Giant salamanders have evil teeth

August 14, 2019

Last September I spent a day in the LACM Herpetology collections with Jessie Atterholt, looking at weird features in crocs, lizards, snakes, and salamanders. I’ll have more to say about the specific things we were looking for in a month or so, after Jessie’s given her talk at SVPCA. This was just an incidental hit. We were looking at cryptobranchid (literally “hidden gill”) salamanders, because they’re big enough that you don’t need a microscope to see all their weird features. Cryptobranchids include the North American hellbender, Cryptobranchus alleganiensis, and the giant salamanders of China and Japan, Andrias davidianus and Andrias japonicus, respectively, plus a raft of fossil taxa.

This is the mandible of LACM 162475, a specimen of Andrias davidianus, in right lateral view. I’d never spent quality time with the skeleton of a giant salamander, and I was impressed with how evil their teeth are. Just in terms of general outline, these little murder-sticks wouldn’t look out of place in the jaw of a dromaeosaur. Click to enfangenate.

Jessie did an Instagram post on the upper jaw of Cryptobranchus a few months ago, and as long as you’re over there, have a look at the half a pig head that she just plastinated for our colleagues in WesternU’s College of Veterinary Medicine. It’s not the same pig as the one we hemisected last December, but I think it got cut at the same time.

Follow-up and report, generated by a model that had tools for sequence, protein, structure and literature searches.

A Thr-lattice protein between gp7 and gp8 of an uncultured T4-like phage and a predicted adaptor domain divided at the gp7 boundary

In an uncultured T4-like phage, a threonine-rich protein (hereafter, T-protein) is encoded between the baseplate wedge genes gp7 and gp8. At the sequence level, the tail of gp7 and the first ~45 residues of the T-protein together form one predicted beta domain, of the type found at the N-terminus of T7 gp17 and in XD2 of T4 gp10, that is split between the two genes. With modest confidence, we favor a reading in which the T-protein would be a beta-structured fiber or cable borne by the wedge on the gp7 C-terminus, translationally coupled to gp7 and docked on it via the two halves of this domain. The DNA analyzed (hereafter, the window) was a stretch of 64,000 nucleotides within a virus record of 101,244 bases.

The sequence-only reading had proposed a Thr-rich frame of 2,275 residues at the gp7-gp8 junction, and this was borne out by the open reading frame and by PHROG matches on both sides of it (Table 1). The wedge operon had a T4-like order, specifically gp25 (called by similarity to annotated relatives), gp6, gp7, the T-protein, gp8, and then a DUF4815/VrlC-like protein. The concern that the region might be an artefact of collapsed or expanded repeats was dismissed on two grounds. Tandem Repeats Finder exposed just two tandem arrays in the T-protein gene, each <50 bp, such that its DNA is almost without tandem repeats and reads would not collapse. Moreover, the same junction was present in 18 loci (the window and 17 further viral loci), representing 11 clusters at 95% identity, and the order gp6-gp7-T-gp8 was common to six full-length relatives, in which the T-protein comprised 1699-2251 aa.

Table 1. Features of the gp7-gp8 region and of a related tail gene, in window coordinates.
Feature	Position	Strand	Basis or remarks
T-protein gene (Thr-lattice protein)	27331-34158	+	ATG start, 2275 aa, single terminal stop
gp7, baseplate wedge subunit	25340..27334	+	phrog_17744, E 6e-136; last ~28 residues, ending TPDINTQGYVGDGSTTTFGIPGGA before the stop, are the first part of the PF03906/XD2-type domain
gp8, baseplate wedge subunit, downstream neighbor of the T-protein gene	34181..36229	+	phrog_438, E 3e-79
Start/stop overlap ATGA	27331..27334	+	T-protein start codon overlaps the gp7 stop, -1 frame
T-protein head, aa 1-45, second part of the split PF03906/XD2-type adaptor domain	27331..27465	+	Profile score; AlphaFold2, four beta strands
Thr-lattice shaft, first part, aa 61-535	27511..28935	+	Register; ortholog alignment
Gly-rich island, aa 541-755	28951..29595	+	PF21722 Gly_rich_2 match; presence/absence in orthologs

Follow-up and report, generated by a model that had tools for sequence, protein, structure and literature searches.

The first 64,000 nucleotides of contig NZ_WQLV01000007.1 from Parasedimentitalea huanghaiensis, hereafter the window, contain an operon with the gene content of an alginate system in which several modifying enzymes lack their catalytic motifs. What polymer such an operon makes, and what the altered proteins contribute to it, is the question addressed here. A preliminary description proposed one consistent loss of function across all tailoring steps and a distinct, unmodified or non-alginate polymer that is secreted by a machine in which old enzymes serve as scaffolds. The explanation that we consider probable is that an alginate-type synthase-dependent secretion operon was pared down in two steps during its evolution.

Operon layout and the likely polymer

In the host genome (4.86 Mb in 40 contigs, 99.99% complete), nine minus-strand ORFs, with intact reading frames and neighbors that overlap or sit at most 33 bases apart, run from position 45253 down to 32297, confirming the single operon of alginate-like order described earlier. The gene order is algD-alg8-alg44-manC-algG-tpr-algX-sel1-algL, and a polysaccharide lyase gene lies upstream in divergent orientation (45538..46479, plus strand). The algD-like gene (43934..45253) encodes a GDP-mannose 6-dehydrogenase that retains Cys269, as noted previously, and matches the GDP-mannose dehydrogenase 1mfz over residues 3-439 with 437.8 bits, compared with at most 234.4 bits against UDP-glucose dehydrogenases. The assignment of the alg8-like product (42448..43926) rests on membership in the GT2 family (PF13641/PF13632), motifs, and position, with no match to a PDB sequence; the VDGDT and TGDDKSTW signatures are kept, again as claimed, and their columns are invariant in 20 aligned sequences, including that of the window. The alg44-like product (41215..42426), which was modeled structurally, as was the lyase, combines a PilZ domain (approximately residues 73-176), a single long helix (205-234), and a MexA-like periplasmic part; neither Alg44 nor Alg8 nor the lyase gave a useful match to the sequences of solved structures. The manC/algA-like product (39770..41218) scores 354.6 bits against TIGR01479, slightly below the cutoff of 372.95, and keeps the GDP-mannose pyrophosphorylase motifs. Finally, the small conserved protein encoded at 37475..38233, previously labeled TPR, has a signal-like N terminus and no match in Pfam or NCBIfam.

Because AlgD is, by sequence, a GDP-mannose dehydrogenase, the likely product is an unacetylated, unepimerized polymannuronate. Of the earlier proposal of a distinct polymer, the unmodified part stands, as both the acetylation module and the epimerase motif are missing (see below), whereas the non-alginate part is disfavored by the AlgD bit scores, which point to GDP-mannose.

7 Responses to “Giant salamanders have evil teeth”

  1. Brad Lichtenstein Says:

    Looks somewhat more malicious than a frog’s, but weren’t dromeosaurs’ intended for slicing? The amphibian food plan seems, generally, to get it down the throat whole. I’m vaguely surprised you don’t hear more cases of things digging their way back out.

  2. Matt Wedel Says:

    In my experience, herp “targeting” is not always precise and is sometimes wildly optimistic. I think there are quite a few cases of herps swallowing things they’d later regret. I know Darren has covered a few on TetZoo, but it has to be just the tip of a very big iceberg.

    As for why gulp-and-swallow salamanders need such evil teeth, that’s a question for someone more knowledgeable than me. Maybe they have to chomp more often than we think?

  3. Mike Taylor Says:

    How do the teeth look in anterior view? Are they narrow, blade-like slicers like those of dromaeosaurs? or are they broad, conical graspers?

  4. Matt Wedel Says:

    Sadly my photos do not say, I don’t know myself, and I lack the time right now to find out. But I’ll be grateful to anyone who does know.

  5. LeeB. Says:

    A paper online “Anatomy of Cryptobranchus alleghaniensis” describes the teeth as conical.

  6. Mike Taylor Says:

    Mystery solved, then: they’re not cutters, they’re holders to help the salamander draw the prey into its mouth.

  7. Rugosidens Excelsus Says:

    Still doesn’t make them any less scary…

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